The biggest draw of the electric car industry is that it has the potential to dominate. Awareness of climate change is growing, and concern is growing even more quickly. The reality is that the millennial generation has a high awareness of climate change and substantial motivation to do something about it. Electric cars represent a bridge between our present society, which in most places is structured almost entirely around the automobile, and a post-automobile society that uses a lot less energy. Though electrics are only 0.015% of the automobile industry at present, if they were to be 10 or 20% of the industry within twenty years, that would equate to a 31 times increase in size. Anything after 20% and you are looking at the 100th monkey, and electrics will be on their way to domination. This is what is enticing about the industry, more than its current conditions.
The current conditions are moderately unfavorable. While Tesla has pricing power, and its vertical integration helps it control costs, the industry overall remains unfavorable and it is expected that the level of competition will only intensify. Strong growth will help, and for Tesla having first mover advantage (more or less) will be a major boon. Today, the company cannot turn an operating profit, but that is because Tesla is playing the long game with respect to building its brand and building capacity. The demand is there, it is the supply that is the problem.
But again, a moderately unfavorable industry today, one where the costs of acquiring the technology are higher than what most people are willing to pay for it, is projected to give way to massive growth in the future. If electric cars are growing at 19% CAGR with oil prices this low, it only makes sense that when Saudi stops being silly with its production levels and oil prices spike back up, that the electric business will see even stronger growth. This is an interesting industry to evaluate in this way, because on the surface it looks like any company would turn a loss or at least struggle to break even, but the potential for growth is phenomenal and for many companies it is very much worthwhile to establish a market position today, and ride that growth for the next couple of decades, as having a strong market position will help make this industry more favorable as it grows — not having an established market position will only make the barriers to entry more substantial in the future.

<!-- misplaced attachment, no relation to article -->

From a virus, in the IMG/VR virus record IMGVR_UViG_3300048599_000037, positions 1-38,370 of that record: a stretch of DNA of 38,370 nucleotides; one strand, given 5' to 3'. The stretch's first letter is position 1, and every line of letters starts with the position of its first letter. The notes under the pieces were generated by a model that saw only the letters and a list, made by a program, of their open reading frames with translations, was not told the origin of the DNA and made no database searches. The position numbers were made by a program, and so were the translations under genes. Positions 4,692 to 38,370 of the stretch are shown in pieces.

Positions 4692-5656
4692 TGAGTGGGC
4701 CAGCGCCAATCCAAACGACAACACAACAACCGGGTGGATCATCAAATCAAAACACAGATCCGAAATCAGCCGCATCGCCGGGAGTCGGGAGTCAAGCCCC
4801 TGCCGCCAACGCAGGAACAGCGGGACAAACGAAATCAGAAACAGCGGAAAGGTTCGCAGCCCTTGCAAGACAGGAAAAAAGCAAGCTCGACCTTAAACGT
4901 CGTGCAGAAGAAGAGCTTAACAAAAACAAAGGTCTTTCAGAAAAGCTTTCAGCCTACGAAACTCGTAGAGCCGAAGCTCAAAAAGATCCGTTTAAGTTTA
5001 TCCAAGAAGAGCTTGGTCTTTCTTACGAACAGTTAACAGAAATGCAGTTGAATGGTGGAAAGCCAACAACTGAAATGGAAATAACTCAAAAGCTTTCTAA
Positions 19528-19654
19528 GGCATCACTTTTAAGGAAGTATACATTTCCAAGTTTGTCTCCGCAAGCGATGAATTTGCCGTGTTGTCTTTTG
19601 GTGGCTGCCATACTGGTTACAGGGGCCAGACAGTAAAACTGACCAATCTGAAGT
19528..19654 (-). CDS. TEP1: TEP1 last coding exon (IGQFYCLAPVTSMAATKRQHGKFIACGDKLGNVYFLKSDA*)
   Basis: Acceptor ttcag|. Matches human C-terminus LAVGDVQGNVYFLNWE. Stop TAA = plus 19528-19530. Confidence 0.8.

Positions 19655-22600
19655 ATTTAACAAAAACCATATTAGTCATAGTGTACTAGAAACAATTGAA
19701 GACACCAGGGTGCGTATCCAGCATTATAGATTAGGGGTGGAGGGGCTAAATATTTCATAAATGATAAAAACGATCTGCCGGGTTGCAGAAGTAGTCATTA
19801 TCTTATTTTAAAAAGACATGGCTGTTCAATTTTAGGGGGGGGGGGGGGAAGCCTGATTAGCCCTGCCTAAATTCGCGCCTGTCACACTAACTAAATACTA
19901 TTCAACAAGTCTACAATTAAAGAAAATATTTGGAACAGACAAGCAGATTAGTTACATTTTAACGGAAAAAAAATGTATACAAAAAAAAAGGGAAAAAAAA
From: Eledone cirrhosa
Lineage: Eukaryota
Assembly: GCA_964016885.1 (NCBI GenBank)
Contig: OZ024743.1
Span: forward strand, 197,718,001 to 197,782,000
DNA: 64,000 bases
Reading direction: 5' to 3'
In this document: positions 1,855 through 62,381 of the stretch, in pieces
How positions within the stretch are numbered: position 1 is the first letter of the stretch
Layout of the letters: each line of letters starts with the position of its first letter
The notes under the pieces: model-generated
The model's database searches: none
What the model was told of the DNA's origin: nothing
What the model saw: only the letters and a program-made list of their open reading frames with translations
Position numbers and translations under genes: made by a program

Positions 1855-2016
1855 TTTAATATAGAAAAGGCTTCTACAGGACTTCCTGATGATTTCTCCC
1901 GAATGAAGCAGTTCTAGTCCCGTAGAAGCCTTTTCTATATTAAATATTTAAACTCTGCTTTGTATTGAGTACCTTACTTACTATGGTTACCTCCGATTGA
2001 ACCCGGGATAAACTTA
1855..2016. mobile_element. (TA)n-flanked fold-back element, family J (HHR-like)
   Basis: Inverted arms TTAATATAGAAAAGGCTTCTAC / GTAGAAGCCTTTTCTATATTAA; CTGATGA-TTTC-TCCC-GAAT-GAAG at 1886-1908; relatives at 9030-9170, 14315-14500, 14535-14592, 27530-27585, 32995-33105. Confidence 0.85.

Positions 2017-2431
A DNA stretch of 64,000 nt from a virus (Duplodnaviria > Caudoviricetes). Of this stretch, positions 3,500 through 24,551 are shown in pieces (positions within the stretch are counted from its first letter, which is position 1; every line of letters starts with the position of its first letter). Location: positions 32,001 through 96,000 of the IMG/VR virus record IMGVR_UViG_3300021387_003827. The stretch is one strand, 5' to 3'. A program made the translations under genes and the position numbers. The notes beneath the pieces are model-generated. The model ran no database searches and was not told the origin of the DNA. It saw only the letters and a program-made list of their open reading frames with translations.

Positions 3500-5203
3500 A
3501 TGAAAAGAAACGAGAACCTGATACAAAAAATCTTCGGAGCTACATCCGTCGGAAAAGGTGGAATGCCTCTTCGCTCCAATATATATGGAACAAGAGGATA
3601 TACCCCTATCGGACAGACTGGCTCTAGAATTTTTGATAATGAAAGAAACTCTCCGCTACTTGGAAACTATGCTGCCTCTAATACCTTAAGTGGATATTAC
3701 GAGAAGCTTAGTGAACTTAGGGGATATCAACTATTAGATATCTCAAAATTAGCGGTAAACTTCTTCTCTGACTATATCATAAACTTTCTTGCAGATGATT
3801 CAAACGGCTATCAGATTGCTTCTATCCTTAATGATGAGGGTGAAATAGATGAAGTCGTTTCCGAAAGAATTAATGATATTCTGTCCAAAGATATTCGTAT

Moseman, A. (2015). Confirmed: The $35,000 Tesla Model 3 will be unveiled in March 2016. Popular Mechanics. Retrieved November 20, 2015 from http://www.popularmechanics.com/cars/a12983/35000-tesla-model-iii-coming-in-2017/
Water, R. (2015). Delivery shortfall holds back Tesla. Financial Times. Retrieved November 20, 2015 from http://www.ft.com/cms/s/0/c6903a96-b23f-11e4-80af-00144feab7de.html#axzz3rzSRTgmV
SCMP (2015). Tesla electric cars struggle to ignite Chinese market. South China Morning Post. Retrieved November 20, 2015 from http://www.scmp.com/news/china/money-wealth/article/1771599/tesla-electric-cars-struggle-chinese-market
Ziefle, M, Leusmann, S., Kasugai, K., & Schwalm, M. (2014). Public perception and acceptance of electric vehicles: Exploring users’ perceived benefits and drawbacks. Retrieved November 20, 2015 from http://www.comm.rwth-aachen.de/files/public_perception.pdf
Perkowski, J. (2014). Electric cars: a review of 2014. Forbes. Retrieved November 20, 2015 from http://www.forbes.com/sites/jackperkowski/2014/12/12/electric-cars-a-review-of-2014/
Tesla Motors (2014). Tesla sales banned in Arizona, Texas and New Jersey. Tesla Motors. Retrieved November 20, 2015 from http://my.teslamotors.com/it_CH/forum/forums/tesla-sales-banned-arizona-texas-new-jersey
Tesla Motors (2015). Support: Incentives. Tesla Motors. Retrieved November 20, 2015 from http://www.teslamotors.com/support/incentives
Voelcker, J. (2015) Tesla superchargers still free in China; fees on sign apply to private charger. Green Car Reports. Retrieved November 20, 2015 from http://www.greencarreports.com/news/1099062_tesla-starts-charging-for-charging-in-china-superchargers-still-free-for-owners
Wakabayashi, D. (2015). Apple targets electric car shipping date for 2019. Wall Street Journal. Retrieved November 20, 2015 from www.wsj.com/articles/apple-speeds-up-electric-car-work-1442857105
IBIS World (2015). Global car and automobile sales. IBIS. Retrieved November 20, 2015 from http://www.ibisworld.com/industry/global/global-car-automobile-sales.html
TMR (2013). Electric vehicles market to rise at 19.2% CAGR from 2013 to 2019. Transparency Market Research. Retrieved November 20, 2015 from http://www.transparencymarketresearch.com/pressrelease/electric-vehicles-market.htm
MSN Moneycentral (2015). Tesla Motors Retrieved November 20, 2015 from http://www.msn.com/en-us/money/stockdetails/financials/fi-126.1.TSLA.NAS?ocid=qbeb